2018 Porsche 911 GT3

2018 Porsche 911
2018 Porsche 911


  • Outstanding combination of performance and civility
  • Benchmark transmissions
  • Rewarding driving dynamics
  • Endless customization potential


  • Evolutionary styling doesn't stand out like it once did
  • Road noise can be excessive
Porsche 911 years

Which 911 does Edmunds recommend?

While the 911 is a consistently brilliant car all the way up to the range-topping Turbo S, the fundamental goodness of the base Carrera model is often underappreciated. We'd go with a Carrera coupe with few options. Purists will want the outstanding manual gearbox, but the PDK dual-clutch automatic transmission is exceptional, too. The Premium Package with power sport seats is a great value, and we'd add Sport Chrono and the front axle lift system.

Edmunds' Expert Review

Overall rating

8.4 / 10

Few cars match the 911's poise in so many areas. The 911 range is at once fast yet tremendously composed, rewarding and civilized. Likewise, there are few cars that are offered in such an onslaught of variants — for 2018, there are 20 distinct 911s. Porsche's strategy of methodically rolling out a new variant nearly every six months (or so it seems) has been so successful that it has been adopted in varying degrees by many other automakers.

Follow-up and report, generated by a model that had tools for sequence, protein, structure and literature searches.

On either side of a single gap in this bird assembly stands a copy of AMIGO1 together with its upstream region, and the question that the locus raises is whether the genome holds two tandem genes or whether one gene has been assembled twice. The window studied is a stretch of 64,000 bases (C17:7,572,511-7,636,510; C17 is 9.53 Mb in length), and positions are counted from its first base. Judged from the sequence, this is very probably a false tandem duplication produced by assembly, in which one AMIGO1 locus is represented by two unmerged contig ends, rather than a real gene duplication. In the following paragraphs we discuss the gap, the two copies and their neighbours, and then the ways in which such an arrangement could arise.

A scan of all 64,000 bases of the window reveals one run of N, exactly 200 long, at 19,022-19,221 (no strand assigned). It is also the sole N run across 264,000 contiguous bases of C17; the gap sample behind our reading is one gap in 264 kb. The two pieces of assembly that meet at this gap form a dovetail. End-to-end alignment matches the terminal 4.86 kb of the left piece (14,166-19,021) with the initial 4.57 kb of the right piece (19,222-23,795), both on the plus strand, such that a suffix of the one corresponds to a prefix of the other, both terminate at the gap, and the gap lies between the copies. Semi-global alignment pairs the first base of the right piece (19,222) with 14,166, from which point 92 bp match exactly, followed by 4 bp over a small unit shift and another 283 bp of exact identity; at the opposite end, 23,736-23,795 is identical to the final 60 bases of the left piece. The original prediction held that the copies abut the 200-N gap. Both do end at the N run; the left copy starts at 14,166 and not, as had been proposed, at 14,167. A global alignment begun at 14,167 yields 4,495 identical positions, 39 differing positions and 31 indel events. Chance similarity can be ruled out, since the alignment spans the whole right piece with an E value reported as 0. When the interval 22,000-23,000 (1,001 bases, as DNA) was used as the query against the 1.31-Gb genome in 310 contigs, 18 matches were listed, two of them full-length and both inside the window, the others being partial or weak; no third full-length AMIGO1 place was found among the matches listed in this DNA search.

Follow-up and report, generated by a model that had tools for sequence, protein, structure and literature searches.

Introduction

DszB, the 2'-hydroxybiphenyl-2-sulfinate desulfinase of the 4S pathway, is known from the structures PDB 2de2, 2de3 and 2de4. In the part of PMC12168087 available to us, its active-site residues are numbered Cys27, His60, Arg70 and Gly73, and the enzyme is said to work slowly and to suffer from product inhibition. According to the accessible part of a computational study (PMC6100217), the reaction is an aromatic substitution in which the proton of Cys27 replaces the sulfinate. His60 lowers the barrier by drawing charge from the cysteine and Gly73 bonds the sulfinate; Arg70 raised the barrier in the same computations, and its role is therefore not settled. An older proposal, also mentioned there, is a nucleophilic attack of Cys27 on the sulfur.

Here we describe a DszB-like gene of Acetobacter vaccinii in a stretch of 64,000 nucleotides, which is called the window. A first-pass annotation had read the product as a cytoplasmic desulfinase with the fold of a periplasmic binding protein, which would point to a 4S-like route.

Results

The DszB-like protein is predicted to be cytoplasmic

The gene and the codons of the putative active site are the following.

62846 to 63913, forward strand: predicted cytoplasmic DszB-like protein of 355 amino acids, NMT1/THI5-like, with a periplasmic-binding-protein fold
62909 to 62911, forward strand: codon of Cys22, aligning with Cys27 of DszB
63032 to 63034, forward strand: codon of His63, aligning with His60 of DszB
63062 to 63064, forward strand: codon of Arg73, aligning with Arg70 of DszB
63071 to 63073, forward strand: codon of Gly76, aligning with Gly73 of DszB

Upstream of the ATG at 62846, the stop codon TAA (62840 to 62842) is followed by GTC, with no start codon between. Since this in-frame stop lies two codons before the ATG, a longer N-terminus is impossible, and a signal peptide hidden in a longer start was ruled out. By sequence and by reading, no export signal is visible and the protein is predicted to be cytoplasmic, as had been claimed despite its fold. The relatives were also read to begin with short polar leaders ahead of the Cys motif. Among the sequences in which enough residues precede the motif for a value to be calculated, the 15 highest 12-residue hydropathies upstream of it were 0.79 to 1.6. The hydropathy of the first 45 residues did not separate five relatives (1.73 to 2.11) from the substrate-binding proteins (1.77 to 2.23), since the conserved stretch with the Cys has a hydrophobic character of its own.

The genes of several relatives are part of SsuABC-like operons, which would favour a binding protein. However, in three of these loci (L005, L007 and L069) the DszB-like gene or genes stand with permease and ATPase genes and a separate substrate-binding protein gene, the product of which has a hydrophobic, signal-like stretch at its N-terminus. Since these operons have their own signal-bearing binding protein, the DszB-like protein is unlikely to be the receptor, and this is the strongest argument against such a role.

The 911 shares its front-end architecture with the lesser 718 Boxster/Cayman models, which reduces cost — the bones from the firewall forward are largely shared. Aft of the firewall, the 911 is like no other car. Its 2+2 seating arrangement and engine hung outside of the rear axle are unique in the motoring world.

While in the past the 911's rear engine layout has been at the root of some wayward handling characteristics, there is no denying the braking and acceleration benefits that it imparts. And the modern 911 has thoroughly exorcised its more notorious habits. In the process the 911 has morphed into more of a GT car, something that is larger and more comfortable for long journeys than 911s of yore. Yet there is no denying it is an accomplished driver's car with few equals.

2018 Porsche 911 configurations